Learning Objectives: • Examine personal views of, and reactions to, conflict. • Examine the effects of their emotions on their effectiveness at work. • Enhance communication and negotiation skills to more productively deal with conflict. • Learn and apply new strategies for analyzing and responding to conflict.

Conflict Management: Lessons from the Field . Year Developed: n.a.. Source: South Central Public Health Partnership. Presenter(s): Kathy Vincent, LCSW; Michele Jones; Josh Klapow. Type: Video. Level: Introductory. Length: Self-paced. Troubleshooting Tips for South Central Public Health Partnership Courses

Annotation: Conflict is a normal part of our everyday life both at home and in the workplace. Mismanaged conflict has both direct and indirect costs as it decreases productivity, increases problems with morale and increases liability. Conflict management is a constructive way of approaching this natural phenomenon so that the result is a positive outcome. In this broadcast a real-life approach to conflict management was provided as specific scenarios, sent in by viewers, were addressed to a panel of Human Resources experts. The panel discussed each submission as a case study. Viewers were also invited to join the discussion during the broadcast by calling to talk with our experts. All emails and calls were handled anonymously so that, together, the panel and the viewers were able to discuss successful conflict management strategies.

Learning Objectives: • Define conflict and conflict management. • Describe how to structure a conflict management process. • Understand the importance of successful conflict management in the workforce environment. • Feel more confident about approaching conflicts.

Special Instructions: To access this course, you first need to create an account.

Continuing Education: Certificate of Attendance

Conflict Management. Year Developed: n.a.. Source: South Central Public Health Partnership. Presenter(s): Josh Klapow, PhD; Lisa Goldstein Graham, MS. Type: Video Course. Level: Intermediate Advanced. Length: 180 minutes. Troubleshooting Tips for South Central Public Health Partnership Courses

Annotation: This video course has nine modules, each related to conflict management. In module 1 and 2, the instructors provide an introduction to what conflict is, and Module 3-8 provide the steps to conflict management: adopt a learning stance; start from the neutral story and extend an invitation; explore their and your story; problem solving; and lastly, reinforce behavior change. Furthermore, module 9 uses conflict management role playing as a learning tool. Corresponding module handout scenarios are available as well as a course PowerPoint. A quiz is also available to assess comprehension.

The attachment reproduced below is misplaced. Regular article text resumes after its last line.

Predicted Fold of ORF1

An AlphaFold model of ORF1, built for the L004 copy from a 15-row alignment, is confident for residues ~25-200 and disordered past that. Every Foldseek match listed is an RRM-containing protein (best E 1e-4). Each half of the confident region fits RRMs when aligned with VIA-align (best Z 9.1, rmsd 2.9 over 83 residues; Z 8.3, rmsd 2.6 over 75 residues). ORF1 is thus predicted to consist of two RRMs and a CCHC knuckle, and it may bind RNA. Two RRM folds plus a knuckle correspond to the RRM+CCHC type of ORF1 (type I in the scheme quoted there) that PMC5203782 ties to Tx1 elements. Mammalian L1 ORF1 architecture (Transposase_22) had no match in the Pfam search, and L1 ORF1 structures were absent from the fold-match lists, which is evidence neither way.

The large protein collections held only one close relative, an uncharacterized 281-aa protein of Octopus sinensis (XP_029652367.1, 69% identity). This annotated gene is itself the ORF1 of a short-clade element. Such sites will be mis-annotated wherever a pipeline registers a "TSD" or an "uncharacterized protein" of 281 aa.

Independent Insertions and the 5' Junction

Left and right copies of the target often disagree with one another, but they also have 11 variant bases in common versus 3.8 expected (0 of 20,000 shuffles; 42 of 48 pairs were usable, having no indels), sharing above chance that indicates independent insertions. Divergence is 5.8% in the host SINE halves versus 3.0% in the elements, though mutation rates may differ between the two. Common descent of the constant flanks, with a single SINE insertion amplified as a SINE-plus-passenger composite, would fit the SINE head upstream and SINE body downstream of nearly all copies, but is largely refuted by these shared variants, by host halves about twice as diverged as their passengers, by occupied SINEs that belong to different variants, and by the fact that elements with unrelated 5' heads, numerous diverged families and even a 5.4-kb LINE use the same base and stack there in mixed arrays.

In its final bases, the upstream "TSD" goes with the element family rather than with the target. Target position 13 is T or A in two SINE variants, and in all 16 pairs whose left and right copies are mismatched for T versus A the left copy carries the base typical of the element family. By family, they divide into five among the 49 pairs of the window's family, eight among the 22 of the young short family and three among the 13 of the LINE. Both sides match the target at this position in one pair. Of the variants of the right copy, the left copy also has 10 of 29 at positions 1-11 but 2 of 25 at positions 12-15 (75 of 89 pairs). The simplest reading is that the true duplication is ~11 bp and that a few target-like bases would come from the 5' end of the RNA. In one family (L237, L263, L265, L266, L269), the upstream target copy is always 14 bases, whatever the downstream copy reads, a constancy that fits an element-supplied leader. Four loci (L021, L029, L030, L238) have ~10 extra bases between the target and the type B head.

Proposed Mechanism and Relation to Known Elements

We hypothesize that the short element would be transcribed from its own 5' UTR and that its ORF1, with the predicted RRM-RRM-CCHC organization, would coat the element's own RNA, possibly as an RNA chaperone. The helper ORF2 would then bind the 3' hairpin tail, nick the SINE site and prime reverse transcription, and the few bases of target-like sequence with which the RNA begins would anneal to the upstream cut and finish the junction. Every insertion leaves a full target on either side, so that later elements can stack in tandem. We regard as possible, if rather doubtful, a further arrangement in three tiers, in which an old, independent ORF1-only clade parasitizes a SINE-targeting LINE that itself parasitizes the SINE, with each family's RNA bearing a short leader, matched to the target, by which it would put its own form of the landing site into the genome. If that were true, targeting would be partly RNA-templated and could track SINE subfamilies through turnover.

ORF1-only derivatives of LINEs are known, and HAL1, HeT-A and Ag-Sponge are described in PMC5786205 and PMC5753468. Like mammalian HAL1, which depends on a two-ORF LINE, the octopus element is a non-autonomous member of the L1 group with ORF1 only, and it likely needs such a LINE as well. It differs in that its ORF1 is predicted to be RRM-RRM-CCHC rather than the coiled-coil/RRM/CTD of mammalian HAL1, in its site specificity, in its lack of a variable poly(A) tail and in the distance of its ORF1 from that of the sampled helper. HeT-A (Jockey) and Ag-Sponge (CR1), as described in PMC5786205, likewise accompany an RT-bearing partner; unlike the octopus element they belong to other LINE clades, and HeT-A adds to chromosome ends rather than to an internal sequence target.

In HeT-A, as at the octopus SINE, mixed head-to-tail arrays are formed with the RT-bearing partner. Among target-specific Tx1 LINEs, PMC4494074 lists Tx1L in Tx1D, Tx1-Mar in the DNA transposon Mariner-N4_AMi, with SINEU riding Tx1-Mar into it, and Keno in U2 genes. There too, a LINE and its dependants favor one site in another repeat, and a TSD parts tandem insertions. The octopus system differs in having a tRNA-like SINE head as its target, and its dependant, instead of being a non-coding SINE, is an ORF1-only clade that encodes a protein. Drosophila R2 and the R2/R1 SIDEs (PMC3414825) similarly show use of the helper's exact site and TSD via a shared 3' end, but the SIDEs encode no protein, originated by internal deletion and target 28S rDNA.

Learning Objectives: • Define conflict and resolution • Know how to structure a conflict management process • Be able to feel more confident about approaching conflicts

Special Instructions: Registration to the South Central Public Health Partnership is required. For new users it will take one weekday to receive an access email. If you are registered in TRAIN, login using that username and password. Click on "Course Offerings" and search for "Conflict Management ". [Note: videos may not be compatible with Macs]

Continuing Education: A completion certificate will be awarded if you receive 70% or higher on the course quiz.

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This project is supported by the Health Resources and Services Administration (HRSA) of the U.S. Department of Health and Human Services (HHS) under grant number UE8MC25742; MCH Navigator for $180,000/year. This information or content and conclusions are those of the author and should not be construed as the official position or policy of, nor should any endorsements be inferred by HRSA, HHS or the U.S. Government.